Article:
Last time we talked about bizarre names in open source software. This time we’re going to address how to fix it. What constitutes a good name for software? Last time, we mentioned a trend to include within the app name a reference to the programming language used to code it.

Let’s think about that for a minute. If you see programs called phpBird or jBird, and you are a webmaster or network administrator, you might know that “php” refers to the scripting language PHP and that “j” refers to the Java programming language. If I am a normal user though, those mean nothing to me. Plus, jBird may be an actual desktop program programmed using Java or a web-based application based on Java, the latter of which is nearly useless for desktop users.

Keep in mind that for any project you have, you can (and perhaps should) use a project code name

until the new version is ready for release, at which time you give it it’s “real” name. For example, Internet Explorer 1.0 was codenamed “O’Hare” (which went well with Windows 95, codename “Chicago”) until it was actually released. Apple’s Mac OS X has used codenames to the extent that their releases are as well known by the version numbers (10.3, 10.4, 10.5) as the codenames (Panther, Tiger, Leopard). Yet most users aren’t going to know which they have. They have might know they have the “newest” version. But most likely, they would just tell you they have a Mac. But keep the release name separate.

Release names need to be neat and catchy, but they should also be somewhat descriptive. Consider the leading photo editing software. Photoshop, Photopaint, PaintShop Pro, Photodraw, PhotoImpact, and the GIMP are arguably the biggest in this arena. Do any of them stand out as if they don’t belong? Now, in the GIMP’s defense, I use it for everything and prefer it over any of the others. But the name GIMP is an acronym that stands for GNU Image Manipulation Program. Written out, it’s a lot more descriptive, if not overstated. All those other programs work, but they also have catchy names that are descriptive, all but one including the term “photo” in its name.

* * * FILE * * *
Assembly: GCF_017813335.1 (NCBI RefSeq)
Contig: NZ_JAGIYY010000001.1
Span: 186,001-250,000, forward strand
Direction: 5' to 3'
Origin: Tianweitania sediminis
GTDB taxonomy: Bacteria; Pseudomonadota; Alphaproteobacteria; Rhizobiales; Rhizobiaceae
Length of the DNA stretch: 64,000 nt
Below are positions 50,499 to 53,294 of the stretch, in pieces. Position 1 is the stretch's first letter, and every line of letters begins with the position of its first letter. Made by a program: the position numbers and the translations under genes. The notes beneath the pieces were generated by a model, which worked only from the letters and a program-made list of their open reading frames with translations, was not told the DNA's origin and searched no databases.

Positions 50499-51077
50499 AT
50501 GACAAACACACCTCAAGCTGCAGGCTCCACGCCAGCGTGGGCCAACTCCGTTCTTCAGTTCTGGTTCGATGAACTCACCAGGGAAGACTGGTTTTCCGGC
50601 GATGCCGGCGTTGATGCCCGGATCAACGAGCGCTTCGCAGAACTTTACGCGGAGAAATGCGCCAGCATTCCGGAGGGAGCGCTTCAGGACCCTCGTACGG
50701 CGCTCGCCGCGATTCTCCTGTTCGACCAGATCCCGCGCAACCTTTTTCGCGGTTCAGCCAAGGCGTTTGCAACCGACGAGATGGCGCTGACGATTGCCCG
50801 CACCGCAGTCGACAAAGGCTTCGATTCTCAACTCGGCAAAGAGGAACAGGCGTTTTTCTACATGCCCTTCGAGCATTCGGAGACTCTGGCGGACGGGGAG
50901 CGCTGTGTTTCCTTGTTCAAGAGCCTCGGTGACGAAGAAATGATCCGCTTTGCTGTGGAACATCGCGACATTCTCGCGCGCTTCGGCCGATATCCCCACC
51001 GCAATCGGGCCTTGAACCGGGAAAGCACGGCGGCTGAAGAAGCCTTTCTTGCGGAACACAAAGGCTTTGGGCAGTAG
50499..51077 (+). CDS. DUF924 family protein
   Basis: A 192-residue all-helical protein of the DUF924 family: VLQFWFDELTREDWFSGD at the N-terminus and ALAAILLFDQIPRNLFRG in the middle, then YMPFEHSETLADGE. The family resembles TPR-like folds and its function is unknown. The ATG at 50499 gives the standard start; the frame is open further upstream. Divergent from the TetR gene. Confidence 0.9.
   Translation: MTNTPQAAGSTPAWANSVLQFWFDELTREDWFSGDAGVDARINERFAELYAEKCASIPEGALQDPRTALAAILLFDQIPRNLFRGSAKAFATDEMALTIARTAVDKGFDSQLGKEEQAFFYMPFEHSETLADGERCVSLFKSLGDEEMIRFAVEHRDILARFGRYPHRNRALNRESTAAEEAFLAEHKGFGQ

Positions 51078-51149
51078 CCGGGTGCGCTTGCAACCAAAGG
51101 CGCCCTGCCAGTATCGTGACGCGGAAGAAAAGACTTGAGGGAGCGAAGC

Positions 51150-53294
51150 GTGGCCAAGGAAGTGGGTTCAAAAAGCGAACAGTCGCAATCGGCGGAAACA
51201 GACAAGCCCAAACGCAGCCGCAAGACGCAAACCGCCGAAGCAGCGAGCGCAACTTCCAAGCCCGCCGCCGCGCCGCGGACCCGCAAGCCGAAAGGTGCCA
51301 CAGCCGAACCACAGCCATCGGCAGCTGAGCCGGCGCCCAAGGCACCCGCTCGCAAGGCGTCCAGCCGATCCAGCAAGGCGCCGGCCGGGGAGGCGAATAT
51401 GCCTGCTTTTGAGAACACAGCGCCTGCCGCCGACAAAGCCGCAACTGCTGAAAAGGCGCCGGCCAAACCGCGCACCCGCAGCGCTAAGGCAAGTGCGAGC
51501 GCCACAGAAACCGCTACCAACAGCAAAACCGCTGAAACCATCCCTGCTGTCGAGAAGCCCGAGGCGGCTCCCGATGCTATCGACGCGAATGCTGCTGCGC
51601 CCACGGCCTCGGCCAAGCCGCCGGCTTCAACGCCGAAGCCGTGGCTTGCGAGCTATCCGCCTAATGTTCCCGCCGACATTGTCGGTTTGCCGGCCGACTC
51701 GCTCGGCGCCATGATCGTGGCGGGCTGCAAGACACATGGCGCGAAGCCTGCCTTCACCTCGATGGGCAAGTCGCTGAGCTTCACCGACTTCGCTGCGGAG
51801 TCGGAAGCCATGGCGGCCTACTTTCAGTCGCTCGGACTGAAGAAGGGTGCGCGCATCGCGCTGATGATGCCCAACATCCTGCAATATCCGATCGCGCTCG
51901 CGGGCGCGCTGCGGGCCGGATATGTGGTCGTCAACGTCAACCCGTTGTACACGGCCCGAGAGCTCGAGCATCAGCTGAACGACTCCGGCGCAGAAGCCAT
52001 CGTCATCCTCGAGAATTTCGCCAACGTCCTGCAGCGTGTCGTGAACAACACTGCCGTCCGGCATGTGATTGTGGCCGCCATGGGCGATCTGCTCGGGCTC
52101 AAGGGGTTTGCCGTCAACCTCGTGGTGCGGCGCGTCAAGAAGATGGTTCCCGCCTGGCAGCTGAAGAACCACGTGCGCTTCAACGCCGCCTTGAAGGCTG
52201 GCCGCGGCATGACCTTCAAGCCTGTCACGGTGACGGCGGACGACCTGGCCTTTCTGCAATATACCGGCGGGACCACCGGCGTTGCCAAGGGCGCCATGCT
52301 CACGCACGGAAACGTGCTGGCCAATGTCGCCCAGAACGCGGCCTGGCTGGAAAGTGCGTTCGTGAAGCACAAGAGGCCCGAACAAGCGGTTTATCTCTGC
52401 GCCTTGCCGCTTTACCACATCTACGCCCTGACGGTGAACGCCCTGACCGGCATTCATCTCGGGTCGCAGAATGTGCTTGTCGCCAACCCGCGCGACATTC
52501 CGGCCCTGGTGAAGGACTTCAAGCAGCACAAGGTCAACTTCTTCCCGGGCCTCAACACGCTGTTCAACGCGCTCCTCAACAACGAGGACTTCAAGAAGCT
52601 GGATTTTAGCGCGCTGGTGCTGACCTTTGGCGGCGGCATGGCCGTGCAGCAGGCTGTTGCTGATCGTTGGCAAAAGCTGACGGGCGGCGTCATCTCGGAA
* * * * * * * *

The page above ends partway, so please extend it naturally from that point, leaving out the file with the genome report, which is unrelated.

Do I think that the GIMP will change it’s name? Probably not. But if you make a photo editing program, include the term “photo” in your catchy name. Like PhotoEdit or something. If you program it in Java, don’t name it jPhotoEdit. The desktop user doesn’t care if it’s written in Java. And what if you, for some crazy reason, recode it in a different language? Better to go with a cool name.

A good name is sleek and cool, but also tells a user what it is that the program does. Not a feature list, but the basic reason they would use the software.